What next for the adventurers MTN?

What is MTN plotting this time around?

This question screams out of the statement of financial results issued by MTN yesterday. And with Phuthuma Nhleko back in the fold as chairman of the MTN Group, another adventure is highly possible.

The financial numbers for the six months ended June reflect challenges in MTN’s major markets, South Africa and Nigeria. Tighter competition and regulation have squeezed revenue in these two markets. A challenge for MTN Group CEO Sifiso Dabengwa.

Even though other MTN markets are firing on all cylinders the situation in Nigeria and South Africa calls for innovation of higher kind to squeeze out growth and perhaps another adventure is needed to jump start earnings growth level. Earnings would have been pedestrian if the weaker rand did not deliver some wind fall. With a figure of R25bn as cash and cash equivalents, the possibilities are almost endless even though Capex is also high.

MTN seems worried as well. The group said “the results reflect a challenging operating environment given the sustained global economic slowdown, highly competitive mobile markets and regulatory pressures, which have seen average voice tariffs across our markets fall 29,5% year-on-year (YoY) in US dollar terms”.

What is to be done?

MTN says “In the medium term there remain a number of opportunities for MTN, which include providing more services to our customers by moving decisively into the digital space and taking advantage of growth in data traffic and ICT solutions”.

And it signals a possible adventure. “We will also continue to leverage MTNs inherent strength in adjacent industries and explore value accretive M&A activities”.

This statement opens up space for speculation. In South Africa theories are plenty given the fact that the mobile telecoms market is maturing and calls for consolidation. The financially squeezed South African consumer is not helping the situation.

Theories doing the rounds are helped by analysts comment. In its latest MTN rating, global rating agency Fitch, said with mobile penetration rates in South Africa now well in excess of 100% in addition to intensifying competition, the slowdown in MTN’s South African operations will place increasing reliance on cash flow growth from non-South African operations to service debt at the Holding Company level. “Fitch expects some in-market consolidation to occur in markets such as South Africa, but also across the continent, over the next three years”.

You can’t put anything past MTN, a company that has grown from humble South African beginnings to become the largest operator in the African continent and has made inroads into the Asian market living it with operation in 22 countries. MTN has ventured into markets which were considered no go zones and has been able to print money from them. These included ventures into Nigeria, Ghana, Syria, Iran, Guinea-Bissau, Afghanistan, Yemen and Sudan.

MTN has recently shown that it still has appetite for adventure. Most recently the group was gunning for one of two a license in Myanmar but lost out to Telenor of Norway and Ooredoo (formerly Qatar Telecom).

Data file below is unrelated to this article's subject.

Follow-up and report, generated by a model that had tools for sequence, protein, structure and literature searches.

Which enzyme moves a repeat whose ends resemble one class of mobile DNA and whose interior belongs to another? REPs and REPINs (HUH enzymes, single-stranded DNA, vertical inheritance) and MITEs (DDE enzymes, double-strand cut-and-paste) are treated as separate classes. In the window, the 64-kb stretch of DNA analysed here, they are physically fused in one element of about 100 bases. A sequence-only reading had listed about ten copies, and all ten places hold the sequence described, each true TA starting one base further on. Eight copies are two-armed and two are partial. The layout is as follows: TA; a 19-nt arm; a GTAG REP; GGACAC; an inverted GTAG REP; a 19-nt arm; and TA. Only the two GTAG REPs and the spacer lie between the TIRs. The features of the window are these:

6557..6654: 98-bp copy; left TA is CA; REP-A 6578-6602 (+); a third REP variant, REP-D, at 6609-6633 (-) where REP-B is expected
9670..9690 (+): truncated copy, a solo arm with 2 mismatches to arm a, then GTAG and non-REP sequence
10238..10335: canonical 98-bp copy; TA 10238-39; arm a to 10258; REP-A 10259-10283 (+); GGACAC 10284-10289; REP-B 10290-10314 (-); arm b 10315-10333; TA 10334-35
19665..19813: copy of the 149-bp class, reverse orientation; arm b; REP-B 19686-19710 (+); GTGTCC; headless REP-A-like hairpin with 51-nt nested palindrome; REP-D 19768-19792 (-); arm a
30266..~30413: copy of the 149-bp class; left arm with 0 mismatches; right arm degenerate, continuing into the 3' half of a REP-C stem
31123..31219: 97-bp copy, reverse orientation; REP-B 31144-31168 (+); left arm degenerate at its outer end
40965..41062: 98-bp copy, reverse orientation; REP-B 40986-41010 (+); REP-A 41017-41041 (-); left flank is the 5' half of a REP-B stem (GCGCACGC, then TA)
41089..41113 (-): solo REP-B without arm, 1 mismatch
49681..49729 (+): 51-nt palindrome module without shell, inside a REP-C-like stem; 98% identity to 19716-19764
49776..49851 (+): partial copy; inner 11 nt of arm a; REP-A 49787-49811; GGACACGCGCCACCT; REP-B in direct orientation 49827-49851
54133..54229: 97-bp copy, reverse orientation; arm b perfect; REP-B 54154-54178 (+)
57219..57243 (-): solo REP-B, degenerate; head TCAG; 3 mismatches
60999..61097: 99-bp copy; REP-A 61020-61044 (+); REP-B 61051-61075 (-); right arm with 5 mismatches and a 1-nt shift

After losing the Myanmar bid MTN said “In keeping with our strategy to continue exploring and evaluating suitable opportunities for further growth in developing countries, MTN still considers Myanmar an attractive market. To this end, we will review other options as they become available, and make a decision after the appropriate due consideration”. During the six months ended June MTN recorded some corporate activity.  There was the acquisition of the remaining 50% equity interest in MTN Cyprus from its local partner, Amaracos Holdings, a decrease in MTN Ivory Coast SA stake from 67.67% to 66,83% and an increase of a stake in Mauritian internet service provider Satalite Data Networks Mauritius from 60% to 100%.

The South African picture is more complex. MTN notes in its financials that “In South Africa, the weak consumer environment and aggressive competition had a dampening effect on Revenue”.

While group revenue for the six months ended June showed 9.8% growth to R65.2bn, revenue declined by 1.4% in South Africa. While the group’s subscriber base increased by 6.5%, to 201,5 million, the number declined by 1.4% in South Africa.

Consolidation may be the answer in South Africa where MTN is positioned as the second largest player with about 25 million subscribers and after Vodacom which has about 30 million subscribers.

The third largest player Cell C with about 11.5 million subscribers is lighting some fires under MTN and Vodacom in a fight for market share. A price war is emerging. MTN notes that “MTN South Africa felt the effects of weaker consumer demand and was slow to respond to aggressive price competition in both voice and data offerings. The total subscriber base declined marginally to 25 million from 25,4 million at 31 December 2012”.

The market is awash with speculation that consolidation is bubbling under. Cell C is at the centre of the speculation which has partly been fuelled by its CEO Allan Knot-Craig. He has the benefit of practicing open mic approach because Cell C is not listed and thus not constrained by stringent rules of when and what to say about corporate activity. Knot-Craig has pronounced that the South African market needs to consolidate in order to progress. He recently revealed that he was interested in Telkom’s mobile division but nothing has come out of it. There is also wild speculation that one of the major banks may snap up Cell C. Vodacom and MTN have been quite around this consolidation talk perhaps as bound by the JSE rules. As such watchers of MTN will be excused to scrutinize a statement like “We will also continue to leverage MTNs inherent strength in adjacent industries and explore value accretive M&A activities”.


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